If you are holding onto some common stereotypes about aging that involve a sedentary, lonely lifestyle spent in a rocking chair on the front porch every day, it’s time for you to reconsider those thoughts! The secret to healthy aging is understanding the facts and disproving the misconceptions to embrace a vibrant, dynamic lifestyle throughout aging.
Expect to Be Depressed
While isolation and loneliness may lead to feelings of sadness, depression is not an ordinary part of the aging process. Actually, research shows that older adults are less inclined to experience depression than younger adults. However, if you think an older loved one is struggling with depression, there are helpful treatment plans available. Talk with the doctor for assistance.
It’s Too Late to Learn New Things
Actually, the opposite is true. Lifelong learning is important to keeping cognitive functioning as sharp as possible. A recent study showed improved brain health in elderly individuals who learned a new skill or enrolled in a class or book club. And, the social rewards that come with mastering something new are an added bonus!
You’ll Have to Slow Down
Being active is critical for everybody, regardless of age. While the risk of falling is definitely something to consider for older persons, there are many ways to remain physically active that are appropriate in spite of any chronic health issues or concerns. Ask the physician for recommendations first, but in general, low impact exercises including tai chi, balance/strength exercises, and swimming are often a good place to start.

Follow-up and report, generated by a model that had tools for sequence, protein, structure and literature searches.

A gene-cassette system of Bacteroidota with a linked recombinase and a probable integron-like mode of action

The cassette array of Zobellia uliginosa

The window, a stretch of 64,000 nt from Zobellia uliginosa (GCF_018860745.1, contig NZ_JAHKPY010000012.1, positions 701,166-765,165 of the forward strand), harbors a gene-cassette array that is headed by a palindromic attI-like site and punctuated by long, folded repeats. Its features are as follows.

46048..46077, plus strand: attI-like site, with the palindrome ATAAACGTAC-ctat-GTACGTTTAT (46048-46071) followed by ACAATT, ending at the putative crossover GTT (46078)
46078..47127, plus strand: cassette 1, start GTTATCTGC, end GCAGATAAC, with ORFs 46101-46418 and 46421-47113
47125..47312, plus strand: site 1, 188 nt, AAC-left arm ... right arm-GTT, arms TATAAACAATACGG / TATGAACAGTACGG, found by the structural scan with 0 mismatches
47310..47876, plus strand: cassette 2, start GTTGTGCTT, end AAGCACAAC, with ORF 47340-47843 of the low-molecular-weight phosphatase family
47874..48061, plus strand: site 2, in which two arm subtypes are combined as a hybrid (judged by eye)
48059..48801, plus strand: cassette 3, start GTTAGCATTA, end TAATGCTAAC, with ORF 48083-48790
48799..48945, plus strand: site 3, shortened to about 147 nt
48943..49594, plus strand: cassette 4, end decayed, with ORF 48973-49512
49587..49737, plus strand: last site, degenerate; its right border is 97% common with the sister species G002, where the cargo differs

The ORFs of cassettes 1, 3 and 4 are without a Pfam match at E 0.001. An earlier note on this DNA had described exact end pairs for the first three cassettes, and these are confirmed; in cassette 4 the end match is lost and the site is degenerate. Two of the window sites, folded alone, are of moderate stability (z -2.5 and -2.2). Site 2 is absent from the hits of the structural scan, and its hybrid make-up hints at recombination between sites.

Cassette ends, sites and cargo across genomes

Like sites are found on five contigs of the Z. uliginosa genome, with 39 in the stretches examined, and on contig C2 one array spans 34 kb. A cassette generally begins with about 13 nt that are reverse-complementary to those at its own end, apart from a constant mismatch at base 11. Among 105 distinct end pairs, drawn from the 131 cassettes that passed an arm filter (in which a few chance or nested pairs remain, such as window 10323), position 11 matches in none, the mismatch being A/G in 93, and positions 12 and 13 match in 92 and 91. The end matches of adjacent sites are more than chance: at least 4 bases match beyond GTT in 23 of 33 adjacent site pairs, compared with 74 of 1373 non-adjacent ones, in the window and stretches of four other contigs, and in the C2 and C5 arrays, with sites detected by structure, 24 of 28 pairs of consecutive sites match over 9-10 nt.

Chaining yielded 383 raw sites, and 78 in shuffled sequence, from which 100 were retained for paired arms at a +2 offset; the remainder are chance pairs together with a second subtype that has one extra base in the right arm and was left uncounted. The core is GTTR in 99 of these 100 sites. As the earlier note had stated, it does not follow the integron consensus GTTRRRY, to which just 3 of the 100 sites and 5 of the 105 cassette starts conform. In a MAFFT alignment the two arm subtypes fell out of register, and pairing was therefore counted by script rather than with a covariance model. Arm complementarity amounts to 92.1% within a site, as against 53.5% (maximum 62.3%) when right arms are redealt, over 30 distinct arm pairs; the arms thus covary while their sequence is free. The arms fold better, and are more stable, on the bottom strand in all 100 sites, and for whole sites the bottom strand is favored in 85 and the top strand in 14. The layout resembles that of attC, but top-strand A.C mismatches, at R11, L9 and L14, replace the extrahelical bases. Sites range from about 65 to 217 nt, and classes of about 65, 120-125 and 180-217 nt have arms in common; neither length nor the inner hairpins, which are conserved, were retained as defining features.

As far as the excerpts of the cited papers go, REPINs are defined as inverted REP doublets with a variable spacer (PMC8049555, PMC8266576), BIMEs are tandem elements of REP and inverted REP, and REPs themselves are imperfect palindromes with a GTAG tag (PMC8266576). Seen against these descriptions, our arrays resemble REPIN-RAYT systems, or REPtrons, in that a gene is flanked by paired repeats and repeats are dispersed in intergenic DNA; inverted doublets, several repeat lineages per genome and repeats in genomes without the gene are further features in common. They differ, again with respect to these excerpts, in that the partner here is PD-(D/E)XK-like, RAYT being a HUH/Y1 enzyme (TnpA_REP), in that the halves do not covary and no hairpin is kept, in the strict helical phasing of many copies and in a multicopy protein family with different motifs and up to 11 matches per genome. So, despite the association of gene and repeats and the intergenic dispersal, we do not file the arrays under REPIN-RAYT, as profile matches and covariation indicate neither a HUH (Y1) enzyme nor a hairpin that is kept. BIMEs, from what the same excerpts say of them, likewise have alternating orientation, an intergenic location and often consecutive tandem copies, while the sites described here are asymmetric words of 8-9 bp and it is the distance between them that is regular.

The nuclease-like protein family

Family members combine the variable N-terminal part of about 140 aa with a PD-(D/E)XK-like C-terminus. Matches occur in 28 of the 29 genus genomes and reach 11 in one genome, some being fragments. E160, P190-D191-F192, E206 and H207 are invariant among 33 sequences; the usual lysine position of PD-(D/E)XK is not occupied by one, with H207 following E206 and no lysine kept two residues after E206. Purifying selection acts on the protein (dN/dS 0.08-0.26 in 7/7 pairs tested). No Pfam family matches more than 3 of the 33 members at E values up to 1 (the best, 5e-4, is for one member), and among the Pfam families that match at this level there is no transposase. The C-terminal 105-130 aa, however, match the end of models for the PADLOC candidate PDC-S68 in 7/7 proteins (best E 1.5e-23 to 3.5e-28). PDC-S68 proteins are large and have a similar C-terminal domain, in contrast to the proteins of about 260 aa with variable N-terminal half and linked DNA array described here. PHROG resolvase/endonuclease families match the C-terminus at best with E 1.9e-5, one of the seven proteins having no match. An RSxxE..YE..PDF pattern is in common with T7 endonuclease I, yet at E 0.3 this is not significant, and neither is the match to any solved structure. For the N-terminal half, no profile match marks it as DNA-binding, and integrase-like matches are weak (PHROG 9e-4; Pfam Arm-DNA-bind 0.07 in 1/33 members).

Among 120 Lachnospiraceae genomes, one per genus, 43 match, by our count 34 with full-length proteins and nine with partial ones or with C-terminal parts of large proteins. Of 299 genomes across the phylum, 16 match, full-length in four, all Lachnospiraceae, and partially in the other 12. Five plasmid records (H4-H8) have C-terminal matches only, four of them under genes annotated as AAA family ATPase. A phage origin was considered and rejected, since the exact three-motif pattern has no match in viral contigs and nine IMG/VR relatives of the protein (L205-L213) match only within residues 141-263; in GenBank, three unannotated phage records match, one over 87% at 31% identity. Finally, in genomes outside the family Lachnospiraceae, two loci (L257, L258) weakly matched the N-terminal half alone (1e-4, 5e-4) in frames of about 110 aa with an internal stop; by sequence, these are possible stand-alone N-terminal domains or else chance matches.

Time to Give Up the Keys
There is a widespread assumption that as we grow older, we all will have to stop driving. While there are health issues that can make driving risky, such as reduced vision or Alzheimer’s disease, many older individuals can continue to safely drive – often more safely, as a matter of fact, than younger drivers. Regular physical exams will guide the doctor in determining when and if it’s time for an older person to stop driving.
Dad Had Dementia, Which Means You Will, Too
While genes do play a role in someone’s risk of Alzheimer’s, there are a number of other factors that are in our control to reduce that risk. The lifestyle choices we make, like eating healthy, staying physically active, keeping blood pressure levels under control, and refraining from smoking, are all great preventative measures.
No Need to Quit Smoking Now
Maybe you know an older adult who is of the mindset that since they have smoked their whole lives and have not had any major problems, there’s no sense in quitting now. But studies have established that stopping smoking brings instant health benefits – within a matter of hours, as a matter of fact. First, there’s a reduction in the carbon monoxide levels in the blood. Within a few weeks, circulation improves and lung function increases. There’s also a reduction in cold and flu symptoms, reduced risk for pneumonia and bronchitis, and a lowered potential for cancer, heart disease, and lung disease.
Let Grace Home Care’s experts in home and memory care in Topeka help the older adults you love enjoy this time of life in the most healthy and happy way possible! Contact us at 785-286-2273 to learn about the various ways we can help.